From the very beginning of the school session, it was obvious that Pete was different. He hopped from chair to table, from board to window. The boisterous lad wouldn’t concentrate or pay attention to lessons.
A medical expert came in and studied the situation. With time, he diagnosed Pete with attention deficit hyperactivity disorder (ADHD or ADD). The teacher was relieved to know that Pete wasn’t being mischievous or difficult. Pete’s brain just wouldn’t allow him to be the great student he would have liked to be.
Pete’s parents were worried too. Like most students with ADHD, Pete’s grades plummeted. Most of the time, he was scolded and punished for misdemeanours. His peers didn’t hesitate to call him names and jeer at him. In no time, he lost confidence in himself.
“I hate my life,” Pete always told his parents. “Why can’t I be like everyone?” This scared his parents; they didn’t want to be like those Singaporean parents who ruin their children’s confidence.
There are many ways teachers can help students with ADHD learn, such as special needs tuition, but here are the top five of all the lessons I gleaned from Pete’s experience.
1. Be Patient. Consistent and Creative
The best teachers are usually the most creative. They are able to think on the spot. They can effectively create calm and conducive classroom environments.
Every teacher’s first approach should be to employ a great deal of patience, creativity, and consistency. Children have their own individual difference. Take steps to make learning easier and more interesting for the student. Revise your teaching methods to include more Montessori-inspired activities, and avoid anything that would distract the other students.
Employ strategies that will help you highlight the strengths of each child. With time, you will notice an improvement in the student’s performance. Not only will the student learn to his or her full capacity, the child will begin to complete classroom tasks. The attention-deficit disorder will no longer interfere with the child’s learning.
2. Have A Positive Attitude
A positive attitude is the most effective tool any teacher needs to help a student who has ADHD. Good teachers exhibit optimism in the classroom. Make your students comfortable and confident.
You can adopt a mantra like, “I believe in you. We can get through this.” Students come alive every time they hear encouraging words.
Research has shown that students perform better whenever an adult shows faith in their abilities. Take steps to motivate that student, and you’ll be surprised to see that they will complete their schoolwork and homework.
If you’re wondering how best to help your pupils learn, try offering words of assurance. When a teacher challenges their students to be on their best behaviour, the students often push themselves to earn the teacher’s approval and sincere praise. Be very generous with positive reinforcements.
Experts recommend that teachers create a point system for the pupils who had ADHD. For every point the student earned (either through good behaviour or high-quality classwork), the teacher offers a reward. Not only will this motivate the students to excel, it will most likely help create some order and predictability. Students who have attention-deficit disorder tend to function better in a routine-driven classroom environment.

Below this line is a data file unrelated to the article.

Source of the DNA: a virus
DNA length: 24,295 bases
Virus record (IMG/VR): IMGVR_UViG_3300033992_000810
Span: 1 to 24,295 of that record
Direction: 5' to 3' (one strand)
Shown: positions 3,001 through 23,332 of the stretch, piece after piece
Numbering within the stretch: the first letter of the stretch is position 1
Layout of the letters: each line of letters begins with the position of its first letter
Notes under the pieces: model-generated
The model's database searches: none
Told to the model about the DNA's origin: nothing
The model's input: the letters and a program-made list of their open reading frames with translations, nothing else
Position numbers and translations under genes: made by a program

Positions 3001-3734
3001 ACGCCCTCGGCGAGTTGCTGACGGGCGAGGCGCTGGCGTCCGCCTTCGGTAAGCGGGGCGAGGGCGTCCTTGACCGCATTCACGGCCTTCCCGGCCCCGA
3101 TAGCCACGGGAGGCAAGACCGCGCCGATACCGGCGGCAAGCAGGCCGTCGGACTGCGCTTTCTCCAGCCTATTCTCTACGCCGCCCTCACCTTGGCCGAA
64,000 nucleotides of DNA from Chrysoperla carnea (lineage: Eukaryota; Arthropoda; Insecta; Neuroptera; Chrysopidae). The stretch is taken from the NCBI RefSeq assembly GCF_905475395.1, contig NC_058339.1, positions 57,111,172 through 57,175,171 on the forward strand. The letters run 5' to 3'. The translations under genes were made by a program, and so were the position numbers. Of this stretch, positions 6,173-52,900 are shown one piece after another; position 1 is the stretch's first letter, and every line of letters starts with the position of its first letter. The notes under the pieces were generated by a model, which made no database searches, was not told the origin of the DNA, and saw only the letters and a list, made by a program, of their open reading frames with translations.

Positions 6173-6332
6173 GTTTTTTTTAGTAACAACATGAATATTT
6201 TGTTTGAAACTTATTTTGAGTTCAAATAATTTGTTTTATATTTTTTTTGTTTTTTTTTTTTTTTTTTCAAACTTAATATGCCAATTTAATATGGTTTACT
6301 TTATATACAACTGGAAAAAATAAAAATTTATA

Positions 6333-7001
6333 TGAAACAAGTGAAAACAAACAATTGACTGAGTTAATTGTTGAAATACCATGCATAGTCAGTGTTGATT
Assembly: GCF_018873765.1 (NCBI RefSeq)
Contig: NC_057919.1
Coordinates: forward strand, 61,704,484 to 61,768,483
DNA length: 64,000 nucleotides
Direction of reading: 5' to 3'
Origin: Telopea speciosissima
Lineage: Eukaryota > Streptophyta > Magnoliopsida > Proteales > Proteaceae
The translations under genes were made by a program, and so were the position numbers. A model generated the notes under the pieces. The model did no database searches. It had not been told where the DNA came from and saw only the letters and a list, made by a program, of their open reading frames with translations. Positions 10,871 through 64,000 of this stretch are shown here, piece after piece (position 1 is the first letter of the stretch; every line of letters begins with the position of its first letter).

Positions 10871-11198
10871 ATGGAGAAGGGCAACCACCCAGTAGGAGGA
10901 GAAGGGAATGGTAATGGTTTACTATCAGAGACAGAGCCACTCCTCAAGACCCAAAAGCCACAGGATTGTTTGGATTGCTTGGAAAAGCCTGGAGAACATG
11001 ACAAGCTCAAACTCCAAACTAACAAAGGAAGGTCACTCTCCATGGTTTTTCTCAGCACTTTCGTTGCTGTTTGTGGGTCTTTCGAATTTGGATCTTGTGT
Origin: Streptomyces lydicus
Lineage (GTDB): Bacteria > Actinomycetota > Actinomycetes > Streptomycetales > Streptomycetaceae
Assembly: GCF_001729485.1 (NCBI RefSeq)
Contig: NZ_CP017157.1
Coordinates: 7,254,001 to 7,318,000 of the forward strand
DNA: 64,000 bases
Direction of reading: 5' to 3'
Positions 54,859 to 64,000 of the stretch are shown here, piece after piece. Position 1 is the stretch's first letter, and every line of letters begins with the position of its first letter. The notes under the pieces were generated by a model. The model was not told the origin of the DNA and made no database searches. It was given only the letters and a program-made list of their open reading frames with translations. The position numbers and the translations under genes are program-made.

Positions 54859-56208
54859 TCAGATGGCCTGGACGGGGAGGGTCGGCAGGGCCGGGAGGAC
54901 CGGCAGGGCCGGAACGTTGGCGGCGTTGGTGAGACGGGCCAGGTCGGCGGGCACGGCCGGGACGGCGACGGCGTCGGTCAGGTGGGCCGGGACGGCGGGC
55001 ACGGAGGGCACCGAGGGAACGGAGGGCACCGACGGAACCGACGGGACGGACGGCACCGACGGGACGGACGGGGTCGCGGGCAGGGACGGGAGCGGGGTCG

3. Discourage Disruptive Classroom Behavior
As much as possible, come up with a series of warning signals to control the student who is dealing with ADHD. Teachers can introduce gentle shoulder squeezes, hand signals and so on. Attention-deficit pupils learn to focus whenever they notice the tutor’s warning gestures.
In addition, teachers must try to avoid embarrassing their students. Whenever there are complaints about the student’s behaviour, upbraid the student in the privacy of your office. As much as possible, ignore inappropriate behaviour especially when it’s unintentional and non-disruptive.
4. Adopt Creative Classroom Management Strategies
Another helpful tactic is for the teacher to introduce a few changes in the classroom. Research has shown that simple changes can help reduce the number of episodes of disruptions brought about by ADHD.
For instance, the teacher can change the student’s seating position. Instead of giving the pupil a window seat, position him right in front of the teacher’s desk. During tests, the teacher can go further to create quiet spaces for the learners who have ADHD. This will help them study without distractions and to complete whatever test they have been given.
5. Adopt Unique Teaching Methods
Education experts emphasize the importance of adopting the right teaching methods for unique situations and students. For instance, teachers might need to give instructions in bits. If necessary, use repetition to drive home your point. This will help the pupil learn to master the memory techniques they need to excel in exams.
Another trick is for the teacher to introduce the most difficult learning materials at the beginning of every school day. For example, you could put mathematics lessons early in the day. This way, the children have enough energy to learn the tougher materials.
As a teacher, you must make sure your lesson plans include creative instructional materials like pictograms, maps, graphs, colour codes and so on.
Learners who have ADHD can be taught quite easily, as long as the teacher has the will to help the child learn. My point is: where there is a will, there is a way.